A legendary endurance swimmer is looking for a training buddy in SA – you’ll get paid, but no tea breaks
- The world's most prominent endurance swimmer, Lewis Pugh, is looking for a training partner in Cape Town - a “young gun” who is willing to “swim and run hard”.
- It won't be easy keeping up: Pugh is the only person in the world who has done a long-distance swim in every ocean of the world, including the most southerly long distance swim (in the Antarctic) and the farthest-north swim.
- Pugh is currently preparing for record-setting swims off the coasts of several Commonwealth countries, including South Africa and India over the next three years
- For more stories, go to Business Insider SA.
Swimming legend Lewis Pugh is looking for a training partner in Cape Town.
In a tweet on Monday morning, Pugh said that he requires a “young gun” who is willing to “swim and run hard”. It is a paid position.
Pugh is probably the most well-known endurance swimmer in the world, having completed a number of record breaking swims.
Swimming only in a Speedo costume, cap and goggles, he was the first person to complete:
- a long-distance swim in every ocean of the world.
- the most southerly long distance swim (78.5º South) in the Antarctic
- the furthest-north long-distance (80° North)
- the first swim across the North Pole
- the first full-length swim of the English Channel to call for 30% of the world's oceans to be protected by 2030.
- the first swim around Cape Agulhas, the Cape of Good Hope, and the Cape Peninsula (a 100 km swim from Cape Town to Muizenberg).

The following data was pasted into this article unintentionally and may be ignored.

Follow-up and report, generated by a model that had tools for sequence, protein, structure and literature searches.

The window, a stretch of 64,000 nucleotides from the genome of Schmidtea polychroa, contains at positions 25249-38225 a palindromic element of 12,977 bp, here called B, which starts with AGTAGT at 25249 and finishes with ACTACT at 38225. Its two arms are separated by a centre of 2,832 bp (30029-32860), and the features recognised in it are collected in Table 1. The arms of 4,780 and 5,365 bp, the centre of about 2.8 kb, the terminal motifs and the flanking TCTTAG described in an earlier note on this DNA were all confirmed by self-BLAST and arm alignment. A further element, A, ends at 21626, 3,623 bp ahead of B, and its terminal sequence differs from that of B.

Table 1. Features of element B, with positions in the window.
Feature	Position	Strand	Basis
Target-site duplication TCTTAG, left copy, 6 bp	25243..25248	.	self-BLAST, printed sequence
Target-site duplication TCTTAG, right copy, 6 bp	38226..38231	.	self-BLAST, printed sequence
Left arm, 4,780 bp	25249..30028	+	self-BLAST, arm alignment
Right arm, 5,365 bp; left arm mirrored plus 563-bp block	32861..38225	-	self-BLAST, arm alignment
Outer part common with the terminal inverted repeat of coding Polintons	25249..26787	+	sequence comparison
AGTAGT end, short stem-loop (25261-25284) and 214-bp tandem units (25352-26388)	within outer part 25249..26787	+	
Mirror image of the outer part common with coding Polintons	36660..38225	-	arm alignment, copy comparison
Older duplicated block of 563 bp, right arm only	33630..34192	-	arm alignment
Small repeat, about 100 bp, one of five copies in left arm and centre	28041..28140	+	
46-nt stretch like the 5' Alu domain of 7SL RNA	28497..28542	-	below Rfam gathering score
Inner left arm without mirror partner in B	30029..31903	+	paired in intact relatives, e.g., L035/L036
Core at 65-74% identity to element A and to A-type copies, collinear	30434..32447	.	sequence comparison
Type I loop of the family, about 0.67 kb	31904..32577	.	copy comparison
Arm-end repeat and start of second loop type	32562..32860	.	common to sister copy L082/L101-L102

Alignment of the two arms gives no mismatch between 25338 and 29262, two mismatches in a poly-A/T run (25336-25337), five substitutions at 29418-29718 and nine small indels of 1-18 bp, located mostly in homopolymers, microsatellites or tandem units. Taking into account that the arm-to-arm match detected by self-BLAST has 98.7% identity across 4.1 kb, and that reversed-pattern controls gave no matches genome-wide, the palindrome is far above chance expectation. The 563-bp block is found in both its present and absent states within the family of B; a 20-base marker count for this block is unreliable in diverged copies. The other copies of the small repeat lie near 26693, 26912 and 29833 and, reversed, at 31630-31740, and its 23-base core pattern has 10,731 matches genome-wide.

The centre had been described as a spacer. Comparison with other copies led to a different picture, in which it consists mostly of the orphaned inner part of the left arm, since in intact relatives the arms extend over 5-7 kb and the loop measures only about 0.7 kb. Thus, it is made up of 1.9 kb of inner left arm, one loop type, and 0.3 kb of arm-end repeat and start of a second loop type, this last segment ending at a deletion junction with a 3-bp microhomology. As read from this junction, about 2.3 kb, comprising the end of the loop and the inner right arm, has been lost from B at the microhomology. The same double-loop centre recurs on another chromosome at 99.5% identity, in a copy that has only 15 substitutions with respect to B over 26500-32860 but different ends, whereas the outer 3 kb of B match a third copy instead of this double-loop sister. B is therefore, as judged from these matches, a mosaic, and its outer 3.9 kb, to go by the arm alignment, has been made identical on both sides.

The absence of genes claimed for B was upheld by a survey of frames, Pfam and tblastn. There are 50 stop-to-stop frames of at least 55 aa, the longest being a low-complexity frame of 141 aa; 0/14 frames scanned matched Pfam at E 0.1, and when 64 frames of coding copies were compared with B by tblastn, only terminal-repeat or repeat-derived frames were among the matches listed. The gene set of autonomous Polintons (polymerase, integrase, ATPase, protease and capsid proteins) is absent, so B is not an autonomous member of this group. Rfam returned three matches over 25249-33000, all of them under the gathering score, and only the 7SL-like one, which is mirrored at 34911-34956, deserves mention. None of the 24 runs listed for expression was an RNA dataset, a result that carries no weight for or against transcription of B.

- the first swim across an African Great Lake, namely Lake Malawi.
- the first swim down the entire length of Sognefjord in Norway (204 km)
Born in the UK, but educated at St Andrew’s College, Camps Bay High School and the University of Cape Town in South Africa, Pugh swam to Robben Island when he was just 17 years old.
He uses his record-breaking endurance swims to highlight the plight of the ocean, particularly the dangers of pollution and overfishing.
“I began swimming in vulnerable ecosystems to draw attention to the impact of our actions on our oceans. I saw enormous chunks of ice slide off Arctic glaciers. I swam over bleached coral killed by rising sea temperatures, and over the bones of whales hunted to the edge of extinction. I visited lakes high in the Himalayas where once there was only ice. I saw plastic pollution in the most remote parts of the oceans, and garbage piling up so thick on city beaches that you can no longer see the sand,” he writes on his website.He was named a United Nations Patron of the Oceans for his “Speedo diplomacy”.
Pugh told The Times in the UK that he is currently preparing for record-setting swims off the coasts of several Commonwealth countries, including South Africa and India over the next three years. He hopes to highlight the plight of the humpback whale and the great white shark.
His South African training partner will presumably help him to prepare for these swims.
Compiled by Helena Wasserman
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